By Jennifer Klitzke
Have you ever heard anyone say, “Never trot a gaited horse, because trot will ruin their easy gait?”
Who ever coined this myth maybe didn’t know there is a BIG difference between letting a gaited horse choose to trot off in a hollow fashion versus teaching a gaited horse to trot on cue in a quality way of going .The former is letting the horse train the rider. The latter is the rider training the horse.
Trotting the gaited horse isn’t for everybody and every horse, but if you ask me, teaching a gaited horse how to trot (or soft trot) on cue and in the right posture, has many benefits that can actually improve the quality of their easy gait. Trotting with back to front connection and engagement develops the top line muscles, rhythm, balance, forwardness, breaks up pace, and results in a deeper stride reaching under the body.
When my friend brought her trail horse, Lady, to my place, she had two gears: a dog walk and a hollow hard trot. My friend wanted to know if Lady had an easy gait in her, because she was told that Lady was a gaited horse.
I’ve ridden Lady on and off the last three summers. My strategy has been to speed up her walk just before she breaks into a hard trot in order to develop a smooth, easy gait on cue. It isn’t that showy, but it is smooth, and nothing beats Lady on the trail in her easy gait! It’s fun to ride, and we see a lot of the forest in a short amount of time.
Then last Fall, I began to ride Lady with more contact using a mild snaffle bit. Previous to this she had always been ridden trail style on a loose rein.
In July 2016, I entered Lady in her first dressage show—a North American Western Dressage (NAWD) Virtual Show which was open to gaited horses. I was thrilled that the show didn’t require that Lady be registered in order to enter. We rode NAWD Intro 2 which includes walk, freewalk, and substituting jog trot with gait. Lady was the only gaited horse competing against trotting horses and placed 5th of 9 horses with a score of 60.357%. For her first go at it, I was tickled!
The judge provided wonderful feedback. She said that overall Lady seemed tense in the bridle and lacking engagement. She pointed out a section in the test where Lady was moving well in relaxation and engagement and to shoot for more of that. This was very helpful feedback!
You see, for the last three summers, I’ve focused on developing a SMOOTH gait, not so much on producing engagement or connection.
So now that Lady has established smooth, I studied the video, took the judge’s feedback, and began to work on engagement and a soft connection with relaxation.
Lady’s response wasn’t rainbows and unicorns. She resisted the engagement by rushing off in shorter steps and then she blasted off into a hard, hollow trot.
Then I had an idea. Back in my trotting horse days, I spent many miles trotting in a rounded working frame on a 20-meter circle to develop the top line muscles, rhythm, balance, and engagement.
So that became my strategy for Lady any time she resisted engagement and connection with a soft contact in the easy gait. I asked for a quality TROT on cue.
Huh!? I know what you’re thinking: Why would I trot a gaited horse that I just broke from hard trotting?!
Let me explain. There is a big difference between Lady choosing to blast off in a hollow hard trot and me teaching her a quality trot on cue.
Lady’s hard trot was stiff in the jaw and back. Her under neck was bulging, and she ran away with me. Her hard trot was an evasion to get out of working in the easy gait. Left unchecked, this is an example of the horse training me, the rider.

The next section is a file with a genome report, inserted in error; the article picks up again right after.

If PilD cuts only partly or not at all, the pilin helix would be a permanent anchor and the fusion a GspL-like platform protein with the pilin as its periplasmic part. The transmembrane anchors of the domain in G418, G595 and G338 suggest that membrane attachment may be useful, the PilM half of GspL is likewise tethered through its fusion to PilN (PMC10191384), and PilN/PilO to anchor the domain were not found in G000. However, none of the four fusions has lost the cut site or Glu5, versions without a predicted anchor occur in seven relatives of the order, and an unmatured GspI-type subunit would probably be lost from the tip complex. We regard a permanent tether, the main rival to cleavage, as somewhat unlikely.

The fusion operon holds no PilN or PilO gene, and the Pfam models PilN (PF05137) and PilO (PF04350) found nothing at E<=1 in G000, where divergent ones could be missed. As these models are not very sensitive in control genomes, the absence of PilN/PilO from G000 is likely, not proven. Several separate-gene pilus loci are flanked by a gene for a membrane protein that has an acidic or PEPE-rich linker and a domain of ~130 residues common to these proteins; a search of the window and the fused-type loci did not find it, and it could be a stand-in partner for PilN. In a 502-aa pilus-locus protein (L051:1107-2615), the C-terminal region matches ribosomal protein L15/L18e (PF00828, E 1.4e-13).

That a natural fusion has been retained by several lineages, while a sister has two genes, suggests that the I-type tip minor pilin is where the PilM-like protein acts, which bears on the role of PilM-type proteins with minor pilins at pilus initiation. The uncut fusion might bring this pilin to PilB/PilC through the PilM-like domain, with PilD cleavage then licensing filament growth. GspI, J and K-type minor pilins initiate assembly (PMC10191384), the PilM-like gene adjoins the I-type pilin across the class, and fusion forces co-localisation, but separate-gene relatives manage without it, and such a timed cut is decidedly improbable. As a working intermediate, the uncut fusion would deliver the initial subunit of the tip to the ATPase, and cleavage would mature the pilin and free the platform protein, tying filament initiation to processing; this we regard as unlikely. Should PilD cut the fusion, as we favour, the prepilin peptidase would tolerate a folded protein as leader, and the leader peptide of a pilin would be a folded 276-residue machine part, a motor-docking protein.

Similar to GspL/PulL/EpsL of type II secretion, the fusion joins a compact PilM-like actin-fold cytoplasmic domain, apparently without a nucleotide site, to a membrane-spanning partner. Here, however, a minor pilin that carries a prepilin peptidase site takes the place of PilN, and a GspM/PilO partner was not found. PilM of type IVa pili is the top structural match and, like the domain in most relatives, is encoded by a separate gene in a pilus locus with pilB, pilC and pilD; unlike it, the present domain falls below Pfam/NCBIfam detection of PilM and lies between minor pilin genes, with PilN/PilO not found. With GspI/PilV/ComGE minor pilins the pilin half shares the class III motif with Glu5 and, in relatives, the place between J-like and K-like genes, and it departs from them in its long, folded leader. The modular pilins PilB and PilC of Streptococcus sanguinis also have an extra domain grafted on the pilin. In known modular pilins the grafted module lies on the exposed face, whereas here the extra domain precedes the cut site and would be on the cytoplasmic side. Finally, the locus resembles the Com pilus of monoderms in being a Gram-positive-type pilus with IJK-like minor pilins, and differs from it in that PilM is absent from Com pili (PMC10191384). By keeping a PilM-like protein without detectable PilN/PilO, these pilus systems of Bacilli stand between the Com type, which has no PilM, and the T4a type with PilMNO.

Teaching Lady a quality trot on cue has many benefits. When riding her with a relaxed jaw, connection from back to front produces engagement, rhythm, balance, and strengthens the top line muscles. This type of trot produces depth of stride which improves the quality of her easy gait. It is an example of the rider training the horse.
Then after a few circles of quality trot on cue, I’d cue for the easy gait, and I am amazed how much better the easy gait has improved after a few circles of trot.
It didn’t take Lady long to prefer the engaged easy gait over the quality trot. My strategy was to ask for an engaged easy gait first, and if her response was resistance, then I cued for the quality trot. After a few training sessions, our trotting on cue became less and less to none at all, because she offered the engaged easy gait on cue without resistance.
In September 2016, I entered Lady in her second NAWD Virtual Dressage Show. Not only had Lady’s easy gait improved with engagement, but she placed second of 11 horses in NAWD Intro 2 with a score of 64.821%, and she was the only gaited horse!
Video: Gaited Horse NAWD Intro 2
Trotting the gaited horse isn’t for everyone or every horse. It has helped Lady and I establish more engagement in the easy gait and now that she is working in a quality engaged easy gait, with connection, rhythm and balance, we haven’t had to resort to the trot on cue.
Who ever coined the myth, never trot a gaited horse, because trot will ruin their easy gait, maybe didn’t know the difference between letting the gaited horse evade by trotting hollow at will and training the gaited horse to trot on cue in a quality way of going that brings about rhythm, relaxation, balance, and forwardness to develop engagement, a soft connection, a deeper stride beneath the body, and breaking up pace.
That’s where years of dressage lessons on trotting horses have paid off for me. I never imagined that I would be trotting a gaited horse. I got into the gaited thing for a SMOOTH ride, but in the end, that’s where we are now, because I discovered that Lady prefers an engaged smooth easy gait over an engaged trot any day. That makes us both happy!
Video: Benefits of trotting the gaited horse on cue
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